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Managing Software Engineers, by Philip Greenspun (philg@mit.edu)


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Many of my comments have already been said. I would also suggest to Phil that his RSI suggestion is much too flip. Sure, Microsoft natural keyboard. But even there people with serious RSI have problems.

But that's relatively minor. I think that you should take a look at the research into brain physiology and how that relates to attention and time spent on tasks. If you consult with people in neurophysiology and look around you will find out that the kind of hyper stimulation that you are suggesting leads to brain damage. It causes shrinkage of the brain tissues that deal with the correlation of data when prolonged. One can meet these people, the veterans of startups and places like the Redmond offices of Microsoft. They are the ones who know a great deal, but can no longer respond with the answer quickly. Many can hardly function at all without copious amounts of coffee.

My personal observation is that I think that such behavior when prolonged leads to other kinds of neurophysiological damage as well. I think that further research will document this. The behavior I am referring to is that of spending too much time concentrated on one task. Lack of sleep also contributes, as does levels of adrenalin. When coupled with the commonly poor nutrition of the "programmer lifestyle" you describe, all of this causes serious problems over time.

There is also the research of a neurologist at, I believe it is Harvard Medical School, though I may be mistaken, into the reasons for the greater shrinkage of the frontal lobes in males versus females by the time middle age is reached. He believes that this is related to the fact that males tend to use the same areas of the brain when in relaxation as they do when they are working. Whereas females show a slowing of metabolism in the frontal lobes when they are asked to relax. He is studying the 10% of the male population that does not experience frontal lobe shrinkage by the age of 50. (By the age of 50 most men have smaller frontal lobes than most women.)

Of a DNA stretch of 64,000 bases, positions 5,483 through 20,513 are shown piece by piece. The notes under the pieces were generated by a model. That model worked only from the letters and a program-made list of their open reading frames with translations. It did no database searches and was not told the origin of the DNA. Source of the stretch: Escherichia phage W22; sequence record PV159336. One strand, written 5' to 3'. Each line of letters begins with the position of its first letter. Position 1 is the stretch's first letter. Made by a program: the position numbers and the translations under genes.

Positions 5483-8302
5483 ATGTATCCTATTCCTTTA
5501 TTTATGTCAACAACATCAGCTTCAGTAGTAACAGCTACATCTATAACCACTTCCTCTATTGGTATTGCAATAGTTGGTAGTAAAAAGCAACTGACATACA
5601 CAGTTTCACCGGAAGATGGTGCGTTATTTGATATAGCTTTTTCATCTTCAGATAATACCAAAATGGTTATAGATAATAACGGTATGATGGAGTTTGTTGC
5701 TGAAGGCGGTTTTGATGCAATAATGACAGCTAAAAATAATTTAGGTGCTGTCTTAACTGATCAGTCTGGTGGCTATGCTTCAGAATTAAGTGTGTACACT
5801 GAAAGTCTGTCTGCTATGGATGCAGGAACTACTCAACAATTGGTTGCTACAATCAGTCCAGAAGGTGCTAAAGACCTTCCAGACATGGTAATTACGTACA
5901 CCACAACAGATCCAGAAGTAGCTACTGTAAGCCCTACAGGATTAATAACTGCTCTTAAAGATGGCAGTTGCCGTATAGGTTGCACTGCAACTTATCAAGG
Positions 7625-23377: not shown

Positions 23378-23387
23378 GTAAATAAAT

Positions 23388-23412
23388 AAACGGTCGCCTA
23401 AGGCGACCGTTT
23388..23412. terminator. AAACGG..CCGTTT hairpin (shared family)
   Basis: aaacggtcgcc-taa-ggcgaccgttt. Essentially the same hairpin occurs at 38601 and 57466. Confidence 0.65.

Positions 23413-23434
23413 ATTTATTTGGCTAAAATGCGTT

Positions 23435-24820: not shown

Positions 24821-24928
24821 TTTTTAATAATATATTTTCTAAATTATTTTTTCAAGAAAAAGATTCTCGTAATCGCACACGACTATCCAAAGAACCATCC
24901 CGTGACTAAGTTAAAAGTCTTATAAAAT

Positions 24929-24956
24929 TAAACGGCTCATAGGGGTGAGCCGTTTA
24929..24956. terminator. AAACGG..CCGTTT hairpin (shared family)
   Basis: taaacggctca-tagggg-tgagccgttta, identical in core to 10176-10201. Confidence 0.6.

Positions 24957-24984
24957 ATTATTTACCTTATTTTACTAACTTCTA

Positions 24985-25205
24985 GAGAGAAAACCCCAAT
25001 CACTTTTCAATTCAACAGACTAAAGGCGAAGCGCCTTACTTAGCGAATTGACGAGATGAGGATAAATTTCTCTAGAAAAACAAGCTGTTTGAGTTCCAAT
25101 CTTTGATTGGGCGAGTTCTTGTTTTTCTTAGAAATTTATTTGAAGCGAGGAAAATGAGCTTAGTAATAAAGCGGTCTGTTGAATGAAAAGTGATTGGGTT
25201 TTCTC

Please note that the lifestyle and management methods you are advocating is, according to research, pretty much guaranteed to cause brain damage, and quite rapidly - just a matter of 5 years or so before significant effects can be measured. I am not being facetious here, it is quite a serious matter.

-- Brian Hanley, November 7, 2000

It's interesting that most of the people here appear to be US based.

As someone that now lives in regional Australia, But has spent most of my professional life developing software in New Zealand many of Phils ideas sound lovely but are unobtainable in these smaller economies.

A office decked out with playrooms, beanbags, Air Hockey etc would be great but outside of a dot com heaven like Boston or Silicon Valley it just is not going to happen.

Mine is a case in point, I'm working on a package for ACS 4.0 to help with News Media publishing (I'm a developer for a newspaper), I'm also the IT Manager, so yep I get to pull the 70+ hour weeks.

What I do have is the ability to go grab my dog and tube down the river at lunchtime if I want or jump on my ducati and go for a fang through the hills.

The message in Phils article is to treat good programmers like you would any artisan, accept they will have their idiosyncracies and provide an environment that allows that. Their own ego will discipline them into giving you a good return on your investment.

Sticking them on a 9-5 in Cubicle hell will just take the joy out of the art and you'll get crap code.

So do I provide people anything else other than a good screen comfortable office, no I don't. But if they want to start work at 2 in the morning (I don't care) they spend half the day surfing slashdot or reading Code Complete or trying a new language (I don't care). If I only loosly monitor these people I'll get far more out of them than if I MANAGE them.

Now if only I could bring my dog into the office, that would be cool, although a labrador that likes to chew could do serious damage to the fibre comms cabinet :)

Maybe when I've finished newsflow (the News Story ACS4 package) Arsdigita will open a office in Australia or NZ and I'll ship off my resume, until then the dog stays at home :(



-- Roger Lockerbie, November 7, 2000


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